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Seemingly coming out of nowhere in 2007, singer Mayra Andrade single handedly rebooted the prevailing stereotype of Cape Verdean music with her debut album, Navega (Sterns). Sunny and gorgeously melodic, the disc provided a counterweight to the anguished oeuvre of Cesaria Evora, the "Barefoot Diva" who had been the international voice of Cape Verdean popular music since the late 1980s. To date, Navega has sold 70,000 copies and rising, quite an achievement for an unknown artist on a roots-based specialist label who's still only 24 years old.
Andrade, of course, didn't really come out of nowhere. She and her music came out of Cuba, where she was born to Cape Verdean parents; Angola, Senegal and Germany, where she was brought up; and Paris, where she had been living since 2003. The mix of cultures was further enriched by a hefty dose of samba, reflecting the historic "trade winds" relationship between Brazil and Cape Verde, both once Portuguese colonies.
With her second album, Storia Storia, Andrade maintains the same eclectic groove that she introduced on Navega, with balmy strings and cool horn arrangements raising the Brazilian quotient. She's accompanied by the same core trio of musiciansCape Verdean multi-instrumentalist Kim Alves, Cameroonian bassist Etienne M'Bappe, and Brazilian percussionist Ze Luis Nascimentoand another small host of guest musicians scattered around the 13 tracks (cellists, flautists, reed and brass players, drummers and percussionists, guitarists, pianists, accordionists and kora players).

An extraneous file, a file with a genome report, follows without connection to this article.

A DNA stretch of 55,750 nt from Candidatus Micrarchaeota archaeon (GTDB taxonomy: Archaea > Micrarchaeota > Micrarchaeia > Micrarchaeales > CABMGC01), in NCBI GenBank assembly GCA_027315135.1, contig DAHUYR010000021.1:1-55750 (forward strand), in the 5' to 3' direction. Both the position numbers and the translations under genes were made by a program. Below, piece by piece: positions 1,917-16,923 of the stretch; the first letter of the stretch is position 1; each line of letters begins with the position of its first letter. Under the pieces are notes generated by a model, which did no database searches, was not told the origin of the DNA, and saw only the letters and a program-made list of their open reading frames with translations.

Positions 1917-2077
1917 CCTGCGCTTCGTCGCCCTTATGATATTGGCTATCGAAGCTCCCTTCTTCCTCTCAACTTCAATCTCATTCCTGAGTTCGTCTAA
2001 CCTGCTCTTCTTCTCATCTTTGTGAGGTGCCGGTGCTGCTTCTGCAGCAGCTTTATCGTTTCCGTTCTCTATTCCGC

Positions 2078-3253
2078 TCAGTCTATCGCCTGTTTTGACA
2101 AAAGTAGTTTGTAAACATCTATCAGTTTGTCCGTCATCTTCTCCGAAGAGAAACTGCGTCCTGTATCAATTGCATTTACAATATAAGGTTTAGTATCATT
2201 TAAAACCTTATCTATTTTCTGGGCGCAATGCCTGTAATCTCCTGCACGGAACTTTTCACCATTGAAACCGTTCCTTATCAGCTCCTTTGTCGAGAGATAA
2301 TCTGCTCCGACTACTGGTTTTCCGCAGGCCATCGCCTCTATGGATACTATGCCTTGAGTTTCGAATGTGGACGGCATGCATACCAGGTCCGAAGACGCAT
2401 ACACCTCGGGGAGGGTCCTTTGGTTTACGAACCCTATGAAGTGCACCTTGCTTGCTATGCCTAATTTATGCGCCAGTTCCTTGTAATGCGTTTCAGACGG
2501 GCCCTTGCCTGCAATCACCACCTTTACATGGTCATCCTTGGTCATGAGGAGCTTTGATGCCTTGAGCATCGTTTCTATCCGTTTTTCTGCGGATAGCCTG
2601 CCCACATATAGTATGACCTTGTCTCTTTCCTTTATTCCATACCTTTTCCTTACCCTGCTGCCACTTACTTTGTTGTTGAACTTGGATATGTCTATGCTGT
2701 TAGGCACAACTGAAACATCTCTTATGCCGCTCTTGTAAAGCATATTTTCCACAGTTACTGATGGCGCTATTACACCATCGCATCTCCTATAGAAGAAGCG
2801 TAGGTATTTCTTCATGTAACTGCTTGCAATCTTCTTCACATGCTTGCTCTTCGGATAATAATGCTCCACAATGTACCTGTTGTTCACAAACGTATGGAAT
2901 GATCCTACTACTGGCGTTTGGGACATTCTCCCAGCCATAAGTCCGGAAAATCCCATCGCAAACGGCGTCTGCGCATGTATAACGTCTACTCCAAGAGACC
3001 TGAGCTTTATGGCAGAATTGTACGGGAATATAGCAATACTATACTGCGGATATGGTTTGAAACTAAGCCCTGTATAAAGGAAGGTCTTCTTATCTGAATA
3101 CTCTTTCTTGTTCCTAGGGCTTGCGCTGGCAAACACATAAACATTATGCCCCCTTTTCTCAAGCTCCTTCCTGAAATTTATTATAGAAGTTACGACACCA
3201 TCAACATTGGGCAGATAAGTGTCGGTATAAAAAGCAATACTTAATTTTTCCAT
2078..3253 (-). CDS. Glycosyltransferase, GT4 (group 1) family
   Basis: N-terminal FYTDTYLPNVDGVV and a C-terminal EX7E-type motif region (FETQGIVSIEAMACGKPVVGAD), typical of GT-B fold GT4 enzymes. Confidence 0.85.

Cape Verdean, Brazilian and African rhythmic retentions add a depth to Andrade's unapologetically pretty music, felt in cross-rhythms and beat-shifting meter changes. Sometimes, as in Alves' "Nha Domaxa," these are central to the arrangement; mostly they're more subtle. But they're always present. Another flavor is provided by modern French chanson, reflected in the melody and the use of accordion on "Mon Carrousel." Pianist Roberto Fonseca and tres master Pancho Amat bring Cuba to fore on "Lembransa." And cellist Jaques Morelenbaum's offers the occasional, soulful echo of Evora.
A delightful album, elegant and vibrant in equal measure.
Track Listing: Storia Storia; Tchapu Na Bandera; Seu; Juana; Konsiensia; Odjus Fitchadu; Nha Domaxa; Mon Carrousel; Badiu Si; Morena Menina Linda; Palavra; Turbulensa; Lembransa.
I love jazz because anything is possible; it has few rules and the best jazz breaks those ones. I prefer free improv because it doesn't really have any rules at all.
I was first exposed to jazz in my teens (in the late sixties).
The first jazz record I bought was Filles de Kilimanjaro by Miles Davis, shortly followed by Extrapolation by John McLaughlin.
My advice to new listeners is to listen as widely as possible and not to make snap judgments--stick with it.